Forget Big Data (well, OK, not really). Payers are taking an interest in drilling down to individual caches of information to help members develop and stay on personalized care plans.
The latest to target the "Small Data" market is Aetna, which earlier this year announced a partnership with Toronto-based Newtopia to develop "highly personalized disease prevention plans" for its employer companies and their employees.
It's all about "understanding people in very particular ways," Jeff Ruby, Newtopia's founder and CEO, told mHealth News. "Based on the microdata of a person's life, we can shape content and deliver information" to each individual.
Newtopia recently completed a pilot program with Aetna employees that focused on Metabolic Syndrome, a condition that increases one's chance of developing diabetes, heart disease or stroke. The project analyzed genetic and personality information – gathered through questionnaires, health savings accounts, health benefit claims and other sources – to create a personalized wellness program. That program included access to an online coach for nutrition, exercise and behavior management, social health networking, gamification and integration with wearable health and fitness trackers.
Ruby sees a huge market for the technology that extends far beyond chronic care management. "This isn't about how you drive a plan for someone who's already ill," he said. "You're working to identify individuals who are at risk, and developing a plan to motivate them to change lifestyles and behaviors."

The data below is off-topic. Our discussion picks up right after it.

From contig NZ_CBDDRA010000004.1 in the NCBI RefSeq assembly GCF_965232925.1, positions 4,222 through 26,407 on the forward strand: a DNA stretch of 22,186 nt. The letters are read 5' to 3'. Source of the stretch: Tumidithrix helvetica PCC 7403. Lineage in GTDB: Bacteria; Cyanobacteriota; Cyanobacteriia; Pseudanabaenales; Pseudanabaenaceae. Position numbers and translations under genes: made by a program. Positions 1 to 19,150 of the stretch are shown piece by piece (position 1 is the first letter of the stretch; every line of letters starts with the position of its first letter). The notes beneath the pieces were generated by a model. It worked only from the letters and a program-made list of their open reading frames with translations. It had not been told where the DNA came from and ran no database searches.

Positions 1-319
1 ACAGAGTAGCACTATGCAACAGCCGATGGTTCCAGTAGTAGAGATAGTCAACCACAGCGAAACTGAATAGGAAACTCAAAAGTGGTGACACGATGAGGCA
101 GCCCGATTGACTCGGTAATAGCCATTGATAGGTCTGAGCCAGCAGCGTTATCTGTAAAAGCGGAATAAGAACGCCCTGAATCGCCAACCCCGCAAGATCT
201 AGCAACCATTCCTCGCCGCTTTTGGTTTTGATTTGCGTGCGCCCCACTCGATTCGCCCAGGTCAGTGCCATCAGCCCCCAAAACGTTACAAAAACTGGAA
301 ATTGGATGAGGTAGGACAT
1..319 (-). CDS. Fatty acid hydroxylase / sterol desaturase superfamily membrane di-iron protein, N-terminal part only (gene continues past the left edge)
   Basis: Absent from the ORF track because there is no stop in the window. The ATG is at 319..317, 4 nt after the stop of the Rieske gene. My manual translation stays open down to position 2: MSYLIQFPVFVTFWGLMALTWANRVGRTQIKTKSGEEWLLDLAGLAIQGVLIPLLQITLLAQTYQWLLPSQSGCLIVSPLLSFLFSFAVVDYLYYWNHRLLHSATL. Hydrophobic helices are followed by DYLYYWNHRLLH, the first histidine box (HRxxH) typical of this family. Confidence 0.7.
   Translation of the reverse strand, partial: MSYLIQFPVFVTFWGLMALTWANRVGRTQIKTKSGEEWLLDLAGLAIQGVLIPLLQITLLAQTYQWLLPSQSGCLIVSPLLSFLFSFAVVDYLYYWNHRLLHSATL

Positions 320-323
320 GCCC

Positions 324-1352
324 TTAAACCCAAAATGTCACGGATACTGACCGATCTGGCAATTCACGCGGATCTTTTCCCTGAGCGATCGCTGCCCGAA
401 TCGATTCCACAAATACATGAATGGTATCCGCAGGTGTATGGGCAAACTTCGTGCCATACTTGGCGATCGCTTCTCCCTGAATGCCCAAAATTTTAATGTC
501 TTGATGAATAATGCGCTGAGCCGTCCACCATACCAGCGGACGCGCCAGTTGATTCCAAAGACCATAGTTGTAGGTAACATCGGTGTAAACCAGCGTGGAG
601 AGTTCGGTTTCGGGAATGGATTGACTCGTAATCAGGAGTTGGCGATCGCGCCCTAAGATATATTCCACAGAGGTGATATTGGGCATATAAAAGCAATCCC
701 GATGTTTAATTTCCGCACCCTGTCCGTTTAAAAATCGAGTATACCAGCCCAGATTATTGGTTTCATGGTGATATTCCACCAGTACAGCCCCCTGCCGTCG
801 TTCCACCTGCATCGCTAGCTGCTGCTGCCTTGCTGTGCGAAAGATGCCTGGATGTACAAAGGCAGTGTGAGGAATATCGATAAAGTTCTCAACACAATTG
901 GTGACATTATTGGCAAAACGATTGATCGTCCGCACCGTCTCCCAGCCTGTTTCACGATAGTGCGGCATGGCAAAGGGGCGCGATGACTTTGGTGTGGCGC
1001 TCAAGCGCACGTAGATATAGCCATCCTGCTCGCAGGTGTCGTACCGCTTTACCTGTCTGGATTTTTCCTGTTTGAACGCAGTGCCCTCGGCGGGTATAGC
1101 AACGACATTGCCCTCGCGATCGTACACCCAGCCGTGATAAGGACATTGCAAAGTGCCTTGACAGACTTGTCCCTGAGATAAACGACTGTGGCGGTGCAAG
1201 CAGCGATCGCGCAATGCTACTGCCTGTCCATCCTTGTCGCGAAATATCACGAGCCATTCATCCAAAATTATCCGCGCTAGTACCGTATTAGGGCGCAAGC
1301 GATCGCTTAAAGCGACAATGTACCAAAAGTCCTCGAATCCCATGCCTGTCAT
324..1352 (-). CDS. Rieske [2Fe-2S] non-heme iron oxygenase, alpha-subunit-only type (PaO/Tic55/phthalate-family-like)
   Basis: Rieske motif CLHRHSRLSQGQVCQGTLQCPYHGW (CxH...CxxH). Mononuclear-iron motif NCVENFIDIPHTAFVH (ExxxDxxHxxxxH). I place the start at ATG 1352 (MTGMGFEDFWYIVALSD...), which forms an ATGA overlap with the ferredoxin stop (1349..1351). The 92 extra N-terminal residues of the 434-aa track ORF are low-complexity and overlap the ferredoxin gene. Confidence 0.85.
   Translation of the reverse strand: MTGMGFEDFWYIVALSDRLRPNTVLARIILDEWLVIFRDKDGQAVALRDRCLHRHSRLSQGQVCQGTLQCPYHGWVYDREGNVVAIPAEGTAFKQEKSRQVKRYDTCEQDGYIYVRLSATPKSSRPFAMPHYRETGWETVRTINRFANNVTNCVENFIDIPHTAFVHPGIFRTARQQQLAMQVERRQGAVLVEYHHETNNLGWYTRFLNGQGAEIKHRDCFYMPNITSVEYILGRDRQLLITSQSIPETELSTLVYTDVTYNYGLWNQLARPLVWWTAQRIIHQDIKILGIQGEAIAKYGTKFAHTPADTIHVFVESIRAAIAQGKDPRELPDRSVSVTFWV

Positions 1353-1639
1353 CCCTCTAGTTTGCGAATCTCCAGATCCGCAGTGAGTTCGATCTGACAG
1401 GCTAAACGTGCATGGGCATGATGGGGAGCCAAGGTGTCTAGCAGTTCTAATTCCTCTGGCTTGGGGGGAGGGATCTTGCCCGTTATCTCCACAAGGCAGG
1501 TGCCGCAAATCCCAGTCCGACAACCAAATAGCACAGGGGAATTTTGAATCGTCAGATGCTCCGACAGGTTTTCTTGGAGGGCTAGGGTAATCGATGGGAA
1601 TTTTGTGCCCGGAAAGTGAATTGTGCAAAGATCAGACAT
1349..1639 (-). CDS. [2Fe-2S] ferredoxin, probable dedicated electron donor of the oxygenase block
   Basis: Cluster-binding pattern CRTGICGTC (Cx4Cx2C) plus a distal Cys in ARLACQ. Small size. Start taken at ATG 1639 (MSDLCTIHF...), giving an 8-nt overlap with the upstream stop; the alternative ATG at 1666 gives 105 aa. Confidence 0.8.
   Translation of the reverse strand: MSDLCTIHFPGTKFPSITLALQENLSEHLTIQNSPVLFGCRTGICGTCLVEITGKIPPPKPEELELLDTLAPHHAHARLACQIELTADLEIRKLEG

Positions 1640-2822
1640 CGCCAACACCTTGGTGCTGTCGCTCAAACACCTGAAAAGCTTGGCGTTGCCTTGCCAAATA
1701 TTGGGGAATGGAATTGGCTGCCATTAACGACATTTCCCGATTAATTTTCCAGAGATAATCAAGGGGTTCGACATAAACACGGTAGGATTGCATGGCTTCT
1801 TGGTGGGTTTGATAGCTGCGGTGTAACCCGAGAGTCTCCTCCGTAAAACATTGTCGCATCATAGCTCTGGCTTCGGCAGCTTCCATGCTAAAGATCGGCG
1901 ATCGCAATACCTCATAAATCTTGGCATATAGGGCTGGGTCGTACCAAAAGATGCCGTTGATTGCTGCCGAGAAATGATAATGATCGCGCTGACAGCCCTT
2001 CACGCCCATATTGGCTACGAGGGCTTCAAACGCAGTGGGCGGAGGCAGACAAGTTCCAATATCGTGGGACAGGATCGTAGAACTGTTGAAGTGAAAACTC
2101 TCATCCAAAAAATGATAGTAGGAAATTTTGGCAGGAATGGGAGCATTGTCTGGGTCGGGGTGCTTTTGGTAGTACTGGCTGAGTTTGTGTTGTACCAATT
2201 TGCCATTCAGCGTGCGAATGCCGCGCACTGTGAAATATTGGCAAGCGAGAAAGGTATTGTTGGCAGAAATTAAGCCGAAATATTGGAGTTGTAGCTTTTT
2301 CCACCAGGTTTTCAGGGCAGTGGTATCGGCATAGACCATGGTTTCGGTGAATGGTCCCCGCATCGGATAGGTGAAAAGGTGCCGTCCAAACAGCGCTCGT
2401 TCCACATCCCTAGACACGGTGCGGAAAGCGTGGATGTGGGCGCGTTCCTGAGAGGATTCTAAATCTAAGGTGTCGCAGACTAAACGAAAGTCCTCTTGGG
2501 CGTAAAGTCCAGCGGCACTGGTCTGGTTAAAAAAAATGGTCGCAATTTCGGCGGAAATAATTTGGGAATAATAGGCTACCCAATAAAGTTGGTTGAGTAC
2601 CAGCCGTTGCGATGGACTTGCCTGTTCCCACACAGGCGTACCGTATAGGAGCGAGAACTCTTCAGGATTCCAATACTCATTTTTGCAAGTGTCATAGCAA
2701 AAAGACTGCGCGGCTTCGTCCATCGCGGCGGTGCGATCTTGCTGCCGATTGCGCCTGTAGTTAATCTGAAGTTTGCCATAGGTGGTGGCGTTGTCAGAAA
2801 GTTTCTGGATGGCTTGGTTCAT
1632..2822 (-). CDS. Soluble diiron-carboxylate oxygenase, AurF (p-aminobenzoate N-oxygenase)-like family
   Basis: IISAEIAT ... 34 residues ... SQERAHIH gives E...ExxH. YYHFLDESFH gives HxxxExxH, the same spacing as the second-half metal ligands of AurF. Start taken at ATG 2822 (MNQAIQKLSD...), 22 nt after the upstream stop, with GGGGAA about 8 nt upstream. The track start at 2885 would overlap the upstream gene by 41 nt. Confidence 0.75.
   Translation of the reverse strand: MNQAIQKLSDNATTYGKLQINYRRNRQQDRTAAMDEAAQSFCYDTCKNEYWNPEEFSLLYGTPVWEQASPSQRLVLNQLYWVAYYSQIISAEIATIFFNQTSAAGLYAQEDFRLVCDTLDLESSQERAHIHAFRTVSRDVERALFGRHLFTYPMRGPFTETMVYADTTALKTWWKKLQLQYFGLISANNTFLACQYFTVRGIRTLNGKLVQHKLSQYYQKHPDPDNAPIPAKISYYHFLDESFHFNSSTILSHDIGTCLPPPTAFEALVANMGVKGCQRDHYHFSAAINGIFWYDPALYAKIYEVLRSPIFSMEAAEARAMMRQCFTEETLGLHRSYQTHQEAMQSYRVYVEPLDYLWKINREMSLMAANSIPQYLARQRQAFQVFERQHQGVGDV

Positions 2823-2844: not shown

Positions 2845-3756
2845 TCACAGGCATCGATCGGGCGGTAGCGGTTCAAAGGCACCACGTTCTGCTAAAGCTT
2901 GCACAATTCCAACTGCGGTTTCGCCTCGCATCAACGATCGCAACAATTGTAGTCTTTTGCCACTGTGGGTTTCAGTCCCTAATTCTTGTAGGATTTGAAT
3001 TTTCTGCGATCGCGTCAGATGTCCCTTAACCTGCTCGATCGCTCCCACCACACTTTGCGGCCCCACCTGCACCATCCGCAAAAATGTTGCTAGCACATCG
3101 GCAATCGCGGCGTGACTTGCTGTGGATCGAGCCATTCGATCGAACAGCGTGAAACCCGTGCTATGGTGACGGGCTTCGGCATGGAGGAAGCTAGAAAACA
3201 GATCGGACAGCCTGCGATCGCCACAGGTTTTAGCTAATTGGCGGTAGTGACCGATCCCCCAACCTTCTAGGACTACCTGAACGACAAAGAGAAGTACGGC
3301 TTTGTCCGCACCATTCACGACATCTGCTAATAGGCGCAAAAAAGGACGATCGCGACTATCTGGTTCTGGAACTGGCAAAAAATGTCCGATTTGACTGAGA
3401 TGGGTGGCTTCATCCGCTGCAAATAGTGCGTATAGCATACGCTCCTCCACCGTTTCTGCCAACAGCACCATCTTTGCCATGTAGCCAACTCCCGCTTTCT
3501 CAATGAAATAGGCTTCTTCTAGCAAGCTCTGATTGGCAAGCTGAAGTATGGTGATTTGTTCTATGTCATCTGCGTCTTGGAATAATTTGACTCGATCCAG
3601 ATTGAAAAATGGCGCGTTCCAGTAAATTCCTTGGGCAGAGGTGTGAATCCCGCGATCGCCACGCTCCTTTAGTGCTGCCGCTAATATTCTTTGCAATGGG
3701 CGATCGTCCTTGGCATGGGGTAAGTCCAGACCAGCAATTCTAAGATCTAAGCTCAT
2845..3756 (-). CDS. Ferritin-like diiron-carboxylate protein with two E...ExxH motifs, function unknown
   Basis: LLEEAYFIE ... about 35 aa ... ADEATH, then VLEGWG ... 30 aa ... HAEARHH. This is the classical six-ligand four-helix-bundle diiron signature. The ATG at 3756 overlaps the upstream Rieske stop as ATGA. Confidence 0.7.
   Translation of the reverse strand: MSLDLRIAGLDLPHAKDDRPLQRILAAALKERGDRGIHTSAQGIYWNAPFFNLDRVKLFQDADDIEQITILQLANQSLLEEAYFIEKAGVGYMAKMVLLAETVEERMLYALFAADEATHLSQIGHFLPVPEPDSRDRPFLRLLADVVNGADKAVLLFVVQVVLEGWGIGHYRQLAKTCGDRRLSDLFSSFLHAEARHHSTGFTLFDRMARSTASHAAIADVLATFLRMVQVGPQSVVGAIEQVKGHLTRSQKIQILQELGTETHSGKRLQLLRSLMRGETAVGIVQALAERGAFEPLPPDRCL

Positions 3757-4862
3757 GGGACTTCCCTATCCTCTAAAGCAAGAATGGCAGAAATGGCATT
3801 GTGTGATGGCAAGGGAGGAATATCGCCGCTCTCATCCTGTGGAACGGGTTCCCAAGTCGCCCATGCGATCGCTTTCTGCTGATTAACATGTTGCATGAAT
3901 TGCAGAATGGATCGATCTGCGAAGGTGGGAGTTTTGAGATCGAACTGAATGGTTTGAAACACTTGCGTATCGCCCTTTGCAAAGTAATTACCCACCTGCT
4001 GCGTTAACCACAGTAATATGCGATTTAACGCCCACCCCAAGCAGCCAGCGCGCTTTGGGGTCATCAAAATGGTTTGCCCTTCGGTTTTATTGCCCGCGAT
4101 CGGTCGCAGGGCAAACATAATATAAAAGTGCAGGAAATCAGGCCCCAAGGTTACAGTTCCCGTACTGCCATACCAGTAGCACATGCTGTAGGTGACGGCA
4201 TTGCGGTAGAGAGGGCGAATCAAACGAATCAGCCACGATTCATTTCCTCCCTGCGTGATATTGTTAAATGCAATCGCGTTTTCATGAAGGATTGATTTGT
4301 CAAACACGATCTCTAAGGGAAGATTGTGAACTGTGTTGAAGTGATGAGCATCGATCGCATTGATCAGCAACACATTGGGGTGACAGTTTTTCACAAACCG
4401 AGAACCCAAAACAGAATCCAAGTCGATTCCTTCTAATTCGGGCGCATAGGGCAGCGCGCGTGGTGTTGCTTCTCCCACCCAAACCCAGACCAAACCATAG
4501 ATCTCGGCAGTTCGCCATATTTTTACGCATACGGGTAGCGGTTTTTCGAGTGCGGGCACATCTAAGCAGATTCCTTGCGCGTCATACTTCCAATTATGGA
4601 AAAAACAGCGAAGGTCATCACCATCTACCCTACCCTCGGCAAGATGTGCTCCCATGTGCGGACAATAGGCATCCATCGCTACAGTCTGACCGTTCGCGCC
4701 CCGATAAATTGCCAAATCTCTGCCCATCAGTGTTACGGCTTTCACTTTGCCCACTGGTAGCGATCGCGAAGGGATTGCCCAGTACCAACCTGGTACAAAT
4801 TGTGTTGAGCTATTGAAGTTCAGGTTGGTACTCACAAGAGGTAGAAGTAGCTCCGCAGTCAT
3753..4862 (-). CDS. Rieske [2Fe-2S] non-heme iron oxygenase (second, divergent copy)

The program can "help members address Metabolic Syndrome in a uniquely personalized way," said Greg Steinberg, MD, Aetna's chief of clinical innovation, in a prepared statement. Ruby and Steinberg also refer to this approach as precision medicine – a term that's certainly been in the headlines. They note that the collaboration is timely in light of President Obama's recently announced Precision Medicine Initiative, which targets the use of genetic modeling to develop personalized treatment models.
Ruby doesn't see the Newtopia platform as a genetic diagnostic tool, but as a "genetic engagement" platform, designed to foster relationships that can change behaviors better than any incentive program. He also thinks this platform can tie into the EHR, and sees Newtopia working with providers who want to develop a more complete care management plan.
"Digital coaching won't do it alone," he said. "You need a proactive, preventive approach that you don't find with a disease management or one-size-fits-all corporate wellness program."